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Well, like I said, I'm a hardcore vampire genre fan, so hooking me isn't going to be difficult. Maintaining my interests, though, is another matter, and that's when a unique take on something familiar becomes important.
quote: But really the heart of the story is about human nature and whether there's limits to a person's ability to be redeemed.
This sounds cool, but I can almost imagine a lot of character angst over something uncontrollable, which is basically the vampire formula. And I really don't mean to be difficult with you on this, it's definitely your story to do with as you please. But because the general reaction to this genre is, "Ugh, another vampire story...", you really have to think outside of the box when you put pen to page unless you're specifically writing to that hardcore element who'll allow you a lot of leeway just because of the subject matter.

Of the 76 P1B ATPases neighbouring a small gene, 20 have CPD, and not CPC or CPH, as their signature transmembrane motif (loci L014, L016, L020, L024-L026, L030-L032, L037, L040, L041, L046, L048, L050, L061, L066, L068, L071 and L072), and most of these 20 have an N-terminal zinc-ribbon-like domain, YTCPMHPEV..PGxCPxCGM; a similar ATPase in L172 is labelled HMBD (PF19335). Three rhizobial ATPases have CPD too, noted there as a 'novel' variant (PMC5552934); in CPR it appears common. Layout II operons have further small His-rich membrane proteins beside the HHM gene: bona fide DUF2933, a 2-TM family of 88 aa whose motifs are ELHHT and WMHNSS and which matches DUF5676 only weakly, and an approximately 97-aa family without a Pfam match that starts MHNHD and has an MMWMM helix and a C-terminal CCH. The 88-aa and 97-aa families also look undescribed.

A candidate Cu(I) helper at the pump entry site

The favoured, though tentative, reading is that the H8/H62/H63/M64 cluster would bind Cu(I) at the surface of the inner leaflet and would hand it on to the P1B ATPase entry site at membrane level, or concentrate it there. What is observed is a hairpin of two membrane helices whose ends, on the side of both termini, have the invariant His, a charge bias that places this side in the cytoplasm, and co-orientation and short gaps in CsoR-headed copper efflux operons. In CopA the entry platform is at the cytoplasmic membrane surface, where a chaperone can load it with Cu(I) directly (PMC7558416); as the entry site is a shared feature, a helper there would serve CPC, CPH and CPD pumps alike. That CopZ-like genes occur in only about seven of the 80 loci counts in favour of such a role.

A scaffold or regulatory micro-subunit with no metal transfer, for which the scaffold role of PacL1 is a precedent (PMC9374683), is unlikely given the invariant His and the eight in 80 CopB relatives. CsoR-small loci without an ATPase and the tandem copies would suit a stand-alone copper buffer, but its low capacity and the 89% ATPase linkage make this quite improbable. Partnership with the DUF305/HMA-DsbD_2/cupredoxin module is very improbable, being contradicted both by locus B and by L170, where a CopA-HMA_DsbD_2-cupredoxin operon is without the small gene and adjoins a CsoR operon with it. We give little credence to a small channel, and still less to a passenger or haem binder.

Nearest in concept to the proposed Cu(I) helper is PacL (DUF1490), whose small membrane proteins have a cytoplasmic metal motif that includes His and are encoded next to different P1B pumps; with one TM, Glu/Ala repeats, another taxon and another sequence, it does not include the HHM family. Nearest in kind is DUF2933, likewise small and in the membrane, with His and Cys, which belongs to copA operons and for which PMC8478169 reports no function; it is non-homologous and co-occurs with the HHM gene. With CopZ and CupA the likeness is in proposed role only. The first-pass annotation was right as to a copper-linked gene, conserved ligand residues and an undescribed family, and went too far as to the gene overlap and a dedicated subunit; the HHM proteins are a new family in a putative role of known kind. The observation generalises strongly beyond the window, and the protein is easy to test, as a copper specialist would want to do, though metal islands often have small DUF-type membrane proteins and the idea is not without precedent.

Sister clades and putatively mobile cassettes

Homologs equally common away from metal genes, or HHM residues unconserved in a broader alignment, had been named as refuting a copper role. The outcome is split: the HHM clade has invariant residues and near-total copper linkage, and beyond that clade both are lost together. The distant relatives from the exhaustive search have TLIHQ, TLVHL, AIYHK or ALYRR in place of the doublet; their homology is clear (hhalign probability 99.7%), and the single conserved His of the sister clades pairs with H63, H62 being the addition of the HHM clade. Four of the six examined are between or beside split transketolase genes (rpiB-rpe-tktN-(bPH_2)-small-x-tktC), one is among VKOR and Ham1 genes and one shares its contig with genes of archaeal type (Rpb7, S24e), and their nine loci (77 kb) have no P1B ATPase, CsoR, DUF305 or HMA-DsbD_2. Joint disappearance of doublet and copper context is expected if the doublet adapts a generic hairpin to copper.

Ah well, that's enough of that. I can go on about the subject and literary/pop cultural examples from it ad infinitum.
I recently read (at my wife's insistence) Abraham Lincoln, Vampire Hunter, by Seth Grahame-Smith. Did not see the movie. I found it a refreshing take on the vampire genre. Lots of ways this story could have gone but it was a fun read. BTW, my wife is the avid vampire story reader. I've looked at some of the books she reads, and Wow, when you say, 'Ugh, another vampire story...", Denevius, I know what that means. But this book was, to me, enchanting. I think because it involved Mr. Lincoln and an alternative reason for his abolitionist leanings. I can see this type of option working for another 'Ugh', vampire story. Good luck with it.